- The cistern is 47.25 square feet inside, meaning that every inch of rain on the roof puts a foot of water in the cistern (570/47.25=12); 4 inches equals a full cistern or 1400 gallons.
- Based on a conservative estimate of 12-inch annual rainfall, each cistern will yield 4200 gallons.
- Multiply that times the 56 cisterns we built since October and you get 235,200 gallons.
- We have built 384 cisterns since we began in 2001, which represents 1,604,400 gallons of safe water in folk's yards annually.
That's a lot. That changes family's lives.
Here's the best part. After the family's cistern is completed, one of our men, Asillio, goes back to them and presents them with a Holy Bible, in Creole. He shares the plan of salvation as he feels led. Always as he presents each family with a Bible, he tells them that they received a (rainwater) cistern that will help quench their physical thirst, there will be times during prolonged dry periods that the (rainwater) cistern may go dry. In contrast, by receiving a Bible, they are getting access to the Source of spiritual refreshment that will always be there when they come to drink (Jn 4:13&14). Asillio thought of that, we love that guy.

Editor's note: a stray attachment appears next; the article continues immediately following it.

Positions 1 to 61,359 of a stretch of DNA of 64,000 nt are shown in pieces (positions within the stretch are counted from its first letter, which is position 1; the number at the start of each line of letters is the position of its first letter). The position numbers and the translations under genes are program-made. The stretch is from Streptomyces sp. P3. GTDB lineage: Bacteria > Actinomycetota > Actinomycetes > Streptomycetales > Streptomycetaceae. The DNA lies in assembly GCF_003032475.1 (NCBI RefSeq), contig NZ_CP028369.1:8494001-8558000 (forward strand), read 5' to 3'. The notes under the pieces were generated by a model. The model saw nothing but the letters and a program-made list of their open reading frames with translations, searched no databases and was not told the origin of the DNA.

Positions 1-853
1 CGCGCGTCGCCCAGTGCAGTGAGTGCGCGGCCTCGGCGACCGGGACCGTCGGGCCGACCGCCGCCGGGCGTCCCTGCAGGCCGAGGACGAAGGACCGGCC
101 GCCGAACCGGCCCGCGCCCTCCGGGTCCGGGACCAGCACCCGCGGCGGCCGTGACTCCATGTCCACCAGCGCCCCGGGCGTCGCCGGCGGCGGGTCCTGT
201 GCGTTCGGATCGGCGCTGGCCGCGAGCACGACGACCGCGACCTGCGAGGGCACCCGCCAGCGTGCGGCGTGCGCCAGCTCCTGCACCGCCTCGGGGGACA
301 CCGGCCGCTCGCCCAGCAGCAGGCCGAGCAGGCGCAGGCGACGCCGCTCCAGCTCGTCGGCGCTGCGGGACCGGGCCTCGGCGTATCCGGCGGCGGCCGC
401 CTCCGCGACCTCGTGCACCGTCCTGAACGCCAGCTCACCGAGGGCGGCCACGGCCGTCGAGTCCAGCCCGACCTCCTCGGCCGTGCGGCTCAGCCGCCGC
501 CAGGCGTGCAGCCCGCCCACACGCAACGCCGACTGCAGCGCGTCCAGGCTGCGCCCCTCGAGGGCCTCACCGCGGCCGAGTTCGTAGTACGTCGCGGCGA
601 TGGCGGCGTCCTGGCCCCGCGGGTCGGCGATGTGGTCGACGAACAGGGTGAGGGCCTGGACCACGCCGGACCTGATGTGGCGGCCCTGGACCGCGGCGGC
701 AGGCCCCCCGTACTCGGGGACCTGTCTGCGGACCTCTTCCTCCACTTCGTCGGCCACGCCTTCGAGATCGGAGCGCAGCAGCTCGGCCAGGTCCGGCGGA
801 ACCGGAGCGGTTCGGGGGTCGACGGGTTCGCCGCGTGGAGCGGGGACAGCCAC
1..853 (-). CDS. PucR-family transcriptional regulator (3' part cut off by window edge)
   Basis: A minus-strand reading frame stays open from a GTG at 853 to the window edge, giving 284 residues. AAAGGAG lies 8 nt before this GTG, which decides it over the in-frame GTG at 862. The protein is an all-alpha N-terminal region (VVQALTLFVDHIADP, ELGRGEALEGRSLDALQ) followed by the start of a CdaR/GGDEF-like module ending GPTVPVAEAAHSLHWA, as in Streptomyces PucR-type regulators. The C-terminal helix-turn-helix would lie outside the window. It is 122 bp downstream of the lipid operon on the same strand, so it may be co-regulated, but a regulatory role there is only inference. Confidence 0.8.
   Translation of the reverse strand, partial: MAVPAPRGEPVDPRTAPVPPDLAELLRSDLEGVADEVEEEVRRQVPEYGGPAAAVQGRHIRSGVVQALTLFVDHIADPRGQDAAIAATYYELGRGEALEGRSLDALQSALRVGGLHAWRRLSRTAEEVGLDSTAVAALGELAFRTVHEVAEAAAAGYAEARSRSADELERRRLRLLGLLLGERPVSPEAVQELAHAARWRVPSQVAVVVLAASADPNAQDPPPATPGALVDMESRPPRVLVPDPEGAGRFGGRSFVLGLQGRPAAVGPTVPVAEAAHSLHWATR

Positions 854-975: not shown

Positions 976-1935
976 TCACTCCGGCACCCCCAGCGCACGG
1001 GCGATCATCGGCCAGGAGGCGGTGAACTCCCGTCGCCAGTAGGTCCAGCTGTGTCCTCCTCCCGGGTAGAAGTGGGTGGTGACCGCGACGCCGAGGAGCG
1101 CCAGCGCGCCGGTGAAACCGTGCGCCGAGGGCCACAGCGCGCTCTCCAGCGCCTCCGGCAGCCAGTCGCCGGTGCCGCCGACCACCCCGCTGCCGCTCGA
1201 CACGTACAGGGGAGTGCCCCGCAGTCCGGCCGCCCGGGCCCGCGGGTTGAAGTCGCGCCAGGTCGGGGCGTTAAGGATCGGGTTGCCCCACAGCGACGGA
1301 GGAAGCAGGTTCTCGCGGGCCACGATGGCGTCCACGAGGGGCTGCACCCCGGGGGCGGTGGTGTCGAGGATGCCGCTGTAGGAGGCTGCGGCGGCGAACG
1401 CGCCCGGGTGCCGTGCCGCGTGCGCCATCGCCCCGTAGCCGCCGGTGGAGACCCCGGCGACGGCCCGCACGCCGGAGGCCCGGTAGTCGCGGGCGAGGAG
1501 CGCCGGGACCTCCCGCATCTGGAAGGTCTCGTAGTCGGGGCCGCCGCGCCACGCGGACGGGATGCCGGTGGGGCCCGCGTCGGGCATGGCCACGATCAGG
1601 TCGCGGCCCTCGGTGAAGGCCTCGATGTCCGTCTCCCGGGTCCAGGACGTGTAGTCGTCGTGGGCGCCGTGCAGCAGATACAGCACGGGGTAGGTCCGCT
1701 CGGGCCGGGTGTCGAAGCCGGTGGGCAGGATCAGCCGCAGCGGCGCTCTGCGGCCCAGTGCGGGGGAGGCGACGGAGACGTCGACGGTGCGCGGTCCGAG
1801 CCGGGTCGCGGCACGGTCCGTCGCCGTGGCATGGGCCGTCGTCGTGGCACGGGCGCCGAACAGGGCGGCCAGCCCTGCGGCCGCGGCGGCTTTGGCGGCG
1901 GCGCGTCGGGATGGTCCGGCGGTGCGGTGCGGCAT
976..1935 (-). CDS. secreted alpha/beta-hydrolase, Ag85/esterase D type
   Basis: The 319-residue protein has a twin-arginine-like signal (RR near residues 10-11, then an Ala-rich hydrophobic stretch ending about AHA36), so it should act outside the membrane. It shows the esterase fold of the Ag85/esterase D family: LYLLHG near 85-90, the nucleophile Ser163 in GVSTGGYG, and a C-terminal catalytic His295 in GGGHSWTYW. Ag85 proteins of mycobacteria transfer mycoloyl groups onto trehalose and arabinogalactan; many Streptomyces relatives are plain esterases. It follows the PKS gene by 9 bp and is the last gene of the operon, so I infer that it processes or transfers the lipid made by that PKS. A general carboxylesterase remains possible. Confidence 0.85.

So, it is indeed good news that progress is being made and the progress allows us to share the Good News with some of the poorest folks on the planet. We hope to build a similar amount of cisterns in coming months. We hope you get a vision to partner with us, it truly does change family's lives. $600 completes a cistern, any amount helps. It is hard, gratifying work. To God be all the glory for allowing us to be a part of His plan.
23 March 2013
So I am not sure who decided to make March 22 World Water Day but if it helps bring awareness to ways we can address this fixable issue, I think it must be a good idea.
It just so happened that on March 22 we poured the tops on the last two cisterns of the current bunch. From beginning in late October, we were able to build 56. Added to the other 26 we were able to build in 2012, we have been able to build 82 cisterns in the last 13 months. To God be the glory. That is over 110,000 gallons of holding capacity and over 300,000 gallons of water made available in a year (that is conservatively based on 12 inches of rainfall). Thanks to all who helped. You can change a family's life for $600.
2 November 2012